The Master Gardener lunch was followed by a quick hello from the Master Gardener team, and an inspiring food growing talk from organic expert Pauline Pears. The audience also provided some interesting questions for the panel, including subjects such as shady gardens and container growing.

It was great to celebrate the programme with all the participants who are so enthusiastic about growing fruit and veg.  Here’s to a successful growing season in 2012!

Sowing seeds at Get Set Grow

Green Man

The Green Man at Get Set Grow

Rosie with the households she supports

Doreen with her freshly potted plants!

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Volunteers excel at national Edible Garden Show

Volunteers excel at national Edible Garden Show

Garden Organic’s Master Gardeners hosted three exciting days of food growing advice at the national ‘Edible Garden Show’.

Over 13,000 visitors came to Stoneleigh Park in Warwickshire at the UK’s only national event for grow your own fruit and vegetables and home produce.

Warwickshire co-ordinator Kate Newman said: “It was really lively event! The Master Gardeners spoke to hundreds of visitors, helping them pot up lettuce and rocket plug plants in peat-free organic compost. With a mix of experienced and new growers, the Garden Organic stand was busy with growing questions and discussions.”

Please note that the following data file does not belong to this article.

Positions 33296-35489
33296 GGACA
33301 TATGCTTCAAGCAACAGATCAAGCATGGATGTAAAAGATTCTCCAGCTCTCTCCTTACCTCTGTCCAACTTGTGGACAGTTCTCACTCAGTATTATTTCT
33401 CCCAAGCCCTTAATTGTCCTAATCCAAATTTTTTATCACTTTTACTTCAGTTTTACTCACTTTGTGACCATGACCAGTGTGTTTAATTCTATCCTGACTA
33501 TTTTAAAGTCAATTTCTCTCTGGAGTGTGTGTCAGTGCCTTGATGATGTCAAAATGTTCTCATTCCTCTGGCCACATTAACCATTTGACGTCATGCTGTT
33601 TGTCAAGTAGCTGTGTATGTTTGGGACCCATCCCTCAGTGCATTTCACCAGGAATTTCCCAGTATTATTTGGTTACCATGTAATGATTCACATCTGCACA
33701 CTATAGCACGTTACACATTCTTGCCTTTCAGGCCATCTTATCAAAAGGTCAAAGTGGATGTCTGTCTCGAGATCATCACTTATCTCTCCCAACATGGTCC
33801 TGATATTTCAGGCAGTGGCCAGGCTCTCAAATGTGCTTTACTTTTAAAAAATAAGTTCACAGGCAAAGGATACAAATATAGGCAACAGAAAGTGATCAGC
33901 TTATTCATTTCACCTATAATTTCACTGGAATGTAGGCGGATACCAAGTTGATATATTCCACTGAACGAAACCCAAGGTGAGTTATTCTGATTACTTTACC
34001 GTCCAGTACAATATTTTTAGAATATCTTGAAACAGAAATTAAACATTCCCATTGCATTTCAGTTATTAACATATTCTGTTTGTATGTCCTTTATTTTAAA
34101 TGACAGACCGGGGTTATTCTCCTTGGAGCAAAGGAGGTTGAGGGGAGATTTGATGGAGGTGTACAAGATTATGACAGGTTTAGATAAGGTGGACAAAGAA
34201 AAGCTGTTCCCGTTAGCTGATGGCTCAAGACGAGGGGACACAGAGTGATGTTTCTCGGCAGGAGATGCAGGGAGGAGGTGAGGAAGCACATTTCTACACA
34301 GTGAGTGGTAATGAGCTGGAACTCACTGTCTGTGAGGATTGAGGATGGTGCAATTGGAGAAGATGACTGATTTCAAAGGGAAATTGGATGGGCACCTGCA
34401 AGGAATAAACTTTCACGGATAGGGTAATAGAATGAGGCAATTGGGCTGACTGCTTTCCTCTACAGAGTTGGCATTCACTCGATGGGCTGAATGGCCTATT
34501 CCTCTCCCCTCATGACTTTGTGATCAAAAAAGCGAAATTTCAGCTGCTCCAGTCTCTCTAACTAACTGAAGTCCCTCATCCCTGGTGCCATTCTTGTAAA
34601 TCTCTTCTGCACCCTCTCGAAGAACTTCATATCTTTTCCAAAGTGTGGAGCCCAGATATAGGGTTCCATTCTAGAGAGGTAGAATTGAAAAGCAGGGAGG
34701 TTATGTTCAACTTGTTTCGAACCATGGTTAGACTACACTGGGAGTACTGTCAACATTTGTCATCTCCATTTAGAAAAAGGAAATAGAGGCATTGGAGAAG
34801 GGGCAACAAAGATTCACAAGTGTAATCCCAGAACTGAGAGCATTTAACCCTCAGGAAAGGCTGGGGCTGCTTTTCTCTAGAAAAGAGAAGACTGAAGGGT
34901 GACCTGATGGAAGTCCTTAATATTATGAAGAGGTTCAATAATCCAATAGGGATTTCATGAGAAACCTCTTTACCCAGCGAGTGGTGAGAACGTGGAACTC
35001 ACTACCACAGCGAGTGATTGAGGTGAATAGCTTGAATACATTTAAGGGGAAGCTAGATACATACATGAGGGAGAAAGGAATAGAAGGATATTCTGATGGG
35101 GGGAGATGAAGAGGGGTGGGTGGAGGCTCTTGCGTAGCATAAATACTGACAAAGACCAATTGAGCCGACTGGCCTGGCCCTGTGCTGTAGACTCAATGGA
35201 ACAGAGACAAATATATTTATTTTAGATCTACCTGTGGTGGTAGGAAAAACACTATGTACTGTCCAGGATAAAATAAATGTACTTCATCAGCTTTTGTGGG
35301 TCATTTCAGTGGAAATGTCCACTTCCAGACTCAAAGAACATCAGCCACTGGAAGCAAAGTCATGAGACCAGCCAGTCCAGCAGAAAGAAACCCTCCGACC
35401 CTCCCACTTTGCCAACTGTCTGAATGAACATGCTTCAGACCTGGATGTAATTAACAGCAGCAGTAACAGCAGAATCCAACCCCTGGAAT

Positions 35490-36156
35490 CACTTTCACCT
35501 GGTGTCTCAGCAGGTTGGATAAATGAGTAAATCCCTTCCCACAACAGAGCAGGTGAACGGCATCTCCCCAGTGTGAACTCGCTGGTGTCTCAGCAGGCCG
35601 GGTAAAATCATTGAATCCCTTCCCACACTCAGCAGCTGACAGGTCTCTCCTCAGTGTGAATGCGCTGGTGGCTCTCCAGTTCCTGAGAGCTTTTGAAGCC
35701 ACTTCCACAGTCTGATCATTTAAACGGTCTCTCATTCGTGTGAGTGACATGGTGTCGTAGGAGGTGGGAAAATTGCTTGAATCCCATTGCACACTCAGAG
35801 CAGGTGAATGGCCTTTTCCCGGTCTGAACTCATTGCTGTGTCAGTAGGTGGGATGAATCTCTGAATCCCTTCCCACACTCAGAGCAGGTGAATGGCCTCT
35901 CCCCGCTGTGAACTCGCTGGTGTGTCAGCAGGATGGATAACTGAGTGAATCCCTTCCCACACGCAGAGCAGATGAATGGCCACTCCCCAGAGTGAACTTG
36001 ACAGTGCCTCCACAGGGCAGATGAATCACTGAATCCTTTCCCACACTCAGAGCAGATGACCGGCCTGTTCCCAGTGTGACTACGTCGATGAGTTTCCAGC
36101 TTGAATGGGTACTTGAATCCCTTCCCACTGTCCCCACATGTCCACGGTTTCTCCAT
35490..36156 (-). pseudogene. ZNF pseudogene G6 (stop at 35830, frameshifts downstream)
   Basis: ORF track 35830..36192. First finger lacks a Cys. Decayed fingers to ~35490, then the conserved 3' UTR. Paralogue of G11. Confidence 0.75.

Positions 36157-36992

Kate continued: “The daily sessions held in ‘The Potting Shed’ were enjoyed by all, and people had a good go making a paper pot and sowing seeds. Master Gardeners, as always, had a great enthusiasm to talk about growing veg and a big thank you to them for being involved.”

Master Gardener Karen Webb said: “We had a wonderful time! Massive thanks to the team for setting up a space to be proud of. I spoke to so many people I lost count!”

There were 24 lovely Master Gardeners as well as 12 delightful Master Composters. Even London and Lincolnshire Master Gardeners popped by to say hello, including husband and wife team Ian and Julie Cheverall and the charming Jim Barnes.

Diane and Milo potting with MG Rosemary

Find your nearest Master Gardener

Fancy becoming a Master Gardener?

Join the UK’s leading organic growing charity, Garden Organic

Visit the Edible Garden Show’s website

Read Philip Turvil’s show blog

Special thanks to Garden Organic’s Mark W, Mark H, Charlotte, David, Gaynor, Andy, Bob, Pauline, and many other fine folk from Ryton.

Master Gardeners Andy, Tom, Carla and Christine with keen growers at the Garden Organic stall

Grow Your Own, anyone? Shot from inside the first of two huge halls

Warwickshire Master Gardener co-ordinator Kate Newman in full flow! She's looking for more Master Gardeners...

Master Composter co-ordinator David (right) chatting compost, of course, as well as Garden Organic membership